Recently plans have been set in motion for him to return to his family, and he has been spending most of his time with them, everyday during the holidays plus three nights a week, and one whole week where he didn’t come home to my place at all.

Now it seems that in just over a week he’ll be moving out permanently.

He wants to go, and I am ready to have my child-free life back.  But we’re both starting to be aware that our time is almost up, and so the conversations have started.  Tonight he wanted to know why children have to go into care?  I explained that sometimes families have problems that need the children to be removed to ensure their safety, but that these situations usually aren’t permanent, and most kids who go into foster care usually go back to their family eventually.  He asked why it takes so long, and I explained that some children can go home quickly, while others have to wait much longer, and that it all depends on the individual situation, but that everything is good for him now, and they’ve decided he can go home soon.  “But what if I have to go back into care?”.  I said well I doubt that is going to happen, but if it did, then the social workers will have to make sure you stay safe.  “Well if that happens I’m going to tell them that I want to come back here”.

These words really were the final demonstration to me, that our time together has been a positive experience for him (as it certainly has been for me).

He then settled into bed, but a few moments later appeared in the lounge and hugged me for the longest time.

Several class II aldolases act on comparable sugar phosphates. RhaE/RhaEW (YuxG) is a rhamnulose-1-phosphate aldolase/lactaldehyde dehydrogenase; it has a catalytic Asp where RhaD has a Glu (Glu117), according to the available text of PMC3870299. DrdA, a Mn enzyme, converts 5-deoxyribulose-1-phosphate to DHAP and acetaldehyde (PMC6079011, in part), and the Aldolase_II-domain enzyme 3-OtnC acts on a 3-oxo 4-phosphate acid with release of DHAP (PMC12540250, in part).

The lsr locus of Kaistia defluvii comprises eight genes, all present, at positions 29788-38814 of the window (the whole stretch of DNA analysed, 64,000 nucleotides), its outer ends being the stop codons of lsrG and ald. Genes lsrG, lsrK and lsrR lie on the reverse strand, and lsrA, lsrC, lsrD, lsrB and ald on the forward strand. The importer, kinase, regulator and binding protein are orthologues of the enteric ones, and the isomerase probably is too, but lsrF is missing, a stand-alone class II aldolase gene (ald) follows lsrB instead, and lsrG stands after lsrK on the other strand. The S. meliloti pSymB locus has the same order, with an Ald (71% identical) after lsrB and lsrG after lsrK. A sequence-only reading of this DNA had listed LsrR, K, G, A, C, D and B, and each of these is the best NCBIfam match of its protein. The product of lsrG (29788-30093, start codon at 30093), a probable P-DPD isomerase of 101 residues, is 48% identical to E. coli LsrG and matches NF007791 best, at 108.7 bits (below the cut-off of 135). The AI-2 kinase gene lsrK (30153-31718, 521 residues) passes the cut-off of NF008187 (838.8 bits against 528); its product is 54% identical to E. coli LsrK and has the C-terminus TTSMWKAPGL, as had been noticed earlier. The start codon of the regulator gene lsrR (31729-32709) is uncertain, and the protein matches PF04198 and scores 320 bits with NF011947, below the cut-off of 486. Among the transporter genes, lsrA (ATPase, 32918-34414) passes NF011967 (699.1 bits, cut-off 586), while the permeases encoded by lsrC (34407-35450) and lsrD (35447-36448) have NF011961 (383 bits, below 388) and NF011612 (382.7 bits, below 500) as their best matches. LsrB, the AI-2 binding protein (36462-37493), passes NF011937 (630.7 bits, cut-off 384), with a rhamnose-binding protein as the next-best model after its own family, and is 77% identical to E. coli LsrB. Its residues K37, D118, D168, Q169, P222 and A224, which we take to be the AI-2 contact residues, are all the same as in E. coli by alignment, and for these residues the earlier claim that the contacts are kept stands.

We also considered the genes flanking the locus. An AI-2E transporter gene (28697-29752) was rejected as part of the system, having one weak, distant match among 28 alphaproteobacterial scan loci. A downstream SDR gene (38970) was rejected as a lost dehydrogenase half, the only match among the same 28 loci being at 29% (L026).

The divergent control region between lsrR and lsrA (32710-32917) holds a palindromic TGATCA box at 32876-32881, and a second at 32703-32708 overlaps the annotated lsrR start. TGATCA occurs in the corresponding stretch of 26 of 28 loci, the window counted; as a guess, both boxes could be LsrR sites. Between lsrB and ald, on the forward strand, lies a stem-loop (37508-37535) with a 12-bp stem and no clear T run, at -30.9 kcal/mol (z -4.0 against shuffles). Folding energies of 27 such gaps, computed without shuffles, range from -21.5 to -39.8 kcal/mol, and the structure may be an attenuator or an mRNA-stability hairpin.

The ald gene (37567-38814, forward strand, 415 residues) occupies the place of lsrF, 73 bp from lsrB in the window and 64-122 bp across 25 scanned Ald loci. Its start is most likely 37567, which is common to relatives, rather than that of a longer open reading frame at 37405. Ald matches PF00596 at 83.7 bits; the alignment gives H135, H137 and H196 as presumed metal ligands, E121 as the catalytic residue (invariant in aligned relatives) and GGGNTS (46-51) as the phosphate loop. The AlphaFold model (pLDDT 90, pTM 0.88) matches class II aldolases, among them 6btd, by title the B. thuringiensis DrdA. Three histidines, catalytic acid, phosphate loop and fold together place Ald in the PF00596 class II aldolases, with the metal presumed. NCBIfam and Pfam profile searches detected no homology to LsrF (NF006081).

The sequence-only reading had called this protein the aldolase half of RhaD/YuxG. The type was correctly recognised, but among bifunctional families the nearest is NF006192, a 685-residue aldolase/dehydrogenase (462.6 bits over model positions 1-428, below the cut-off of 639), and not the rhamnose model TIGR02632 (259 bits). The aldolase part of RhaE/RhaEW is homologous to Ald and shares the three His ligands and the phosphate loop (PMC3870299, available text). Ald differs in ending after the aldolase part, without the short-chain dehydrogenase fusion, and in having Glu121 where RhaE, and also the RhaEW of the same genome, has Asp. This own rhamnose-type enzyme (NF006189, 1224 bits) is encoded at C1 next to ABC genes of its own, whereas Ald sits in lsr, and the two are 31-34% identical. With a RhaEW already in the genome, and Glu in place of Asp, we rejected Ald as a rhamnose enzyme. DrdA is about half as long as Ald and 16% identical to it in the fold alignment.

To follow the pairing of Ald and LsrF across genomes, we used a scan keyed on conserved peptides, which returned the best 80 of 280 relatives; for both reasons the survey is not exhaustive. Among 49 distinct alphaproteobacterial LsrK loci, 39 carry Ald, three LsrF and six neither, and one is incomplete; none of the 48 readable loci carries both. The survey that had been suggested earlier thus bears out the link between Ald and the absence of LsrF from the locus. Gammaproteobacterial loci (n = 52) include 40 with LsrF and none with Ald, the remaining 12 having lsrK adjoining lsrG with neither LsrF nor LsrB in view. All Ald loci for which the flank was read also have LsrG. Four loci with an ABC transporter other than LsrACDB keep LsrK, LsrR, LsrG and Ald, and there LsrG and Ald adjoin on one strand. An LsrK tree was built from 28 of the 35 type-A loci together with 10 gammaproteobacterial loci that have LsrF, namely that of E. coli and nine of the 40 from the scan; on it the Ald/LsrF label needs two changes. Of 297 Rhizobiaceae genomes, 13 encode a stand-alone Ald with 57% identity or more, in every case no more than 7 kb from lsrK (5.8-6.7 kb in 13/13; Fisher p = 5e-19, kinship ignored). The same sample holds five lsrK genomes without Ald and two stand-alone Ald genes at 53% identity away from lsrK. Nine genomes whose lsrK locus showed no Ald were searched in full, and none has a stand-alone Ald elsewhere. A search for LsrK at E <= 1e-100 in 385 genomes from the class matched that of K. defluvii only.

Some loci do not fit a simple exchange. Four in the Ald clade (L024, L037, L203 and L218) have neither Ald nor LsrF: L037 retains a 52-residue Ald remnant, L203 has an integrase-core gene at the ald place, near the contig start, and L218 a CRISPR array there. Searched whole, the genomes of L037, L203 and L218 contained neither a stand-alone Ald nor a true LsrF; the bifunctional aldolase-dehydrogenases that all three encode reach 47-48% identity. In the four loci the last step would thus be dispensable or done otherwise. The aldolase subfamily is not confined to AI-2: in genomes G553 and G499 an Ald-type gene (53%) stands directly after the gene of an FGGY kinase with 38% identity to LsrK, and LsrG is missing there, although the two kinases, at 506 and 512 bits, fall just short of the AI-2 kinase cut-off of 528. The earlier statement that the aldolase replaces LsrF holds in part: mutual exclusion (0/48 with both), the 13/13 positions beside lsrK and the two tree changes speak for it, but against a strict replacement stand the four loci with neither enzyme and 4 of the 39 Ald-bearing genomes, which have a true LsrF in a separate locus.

What a great little man, and what an experience to have been able to connect to him in such a special way.

Foster care is a hard job, but I’ve seen far more reward than I ever imagined it would bring.

2 thoughts on “Saying Goodbye

  1. Hi Helen,
    My sister has been feeling particularly disconnected from life, sailing around as she does to beautiful places. We had a long chat yesterday and as a result, I agreed that I would email her copies of your blog.
    She can’t receive it formatted or with photos, because of the size of the post and her tiny internet allowance, but I am excited to do this for her.
    You are an inspiration and I am so happy to share your story with her.
    Love this post and i’m sitting here on the couch in Townsville a little weepy at the thought of your little man.


    1. I wonder if she is thinking of fostering? It can definitely be a “disconnecting” experience, to travel and live overseas. This is one of the things I have to think seriously about as I wonder what to do with my future. However, it’s also very much a First World Problem so I try not to stress over it too much and every day here in Cambodia I hear stories which remind me that my so-called “problems” would be dreams-come-true to so many. We are so beyond lucky.


Leave a Reply

Fill in your details below or click an icon to log in: Logo

You are commenting using your account. Log Out /  Change )

Twitter picture

You are commenting using your Twitter account. Log Out /  Change )

Facebook photo

You are commenting using your Facebook account. Log Out /  Change )

Connecting to %s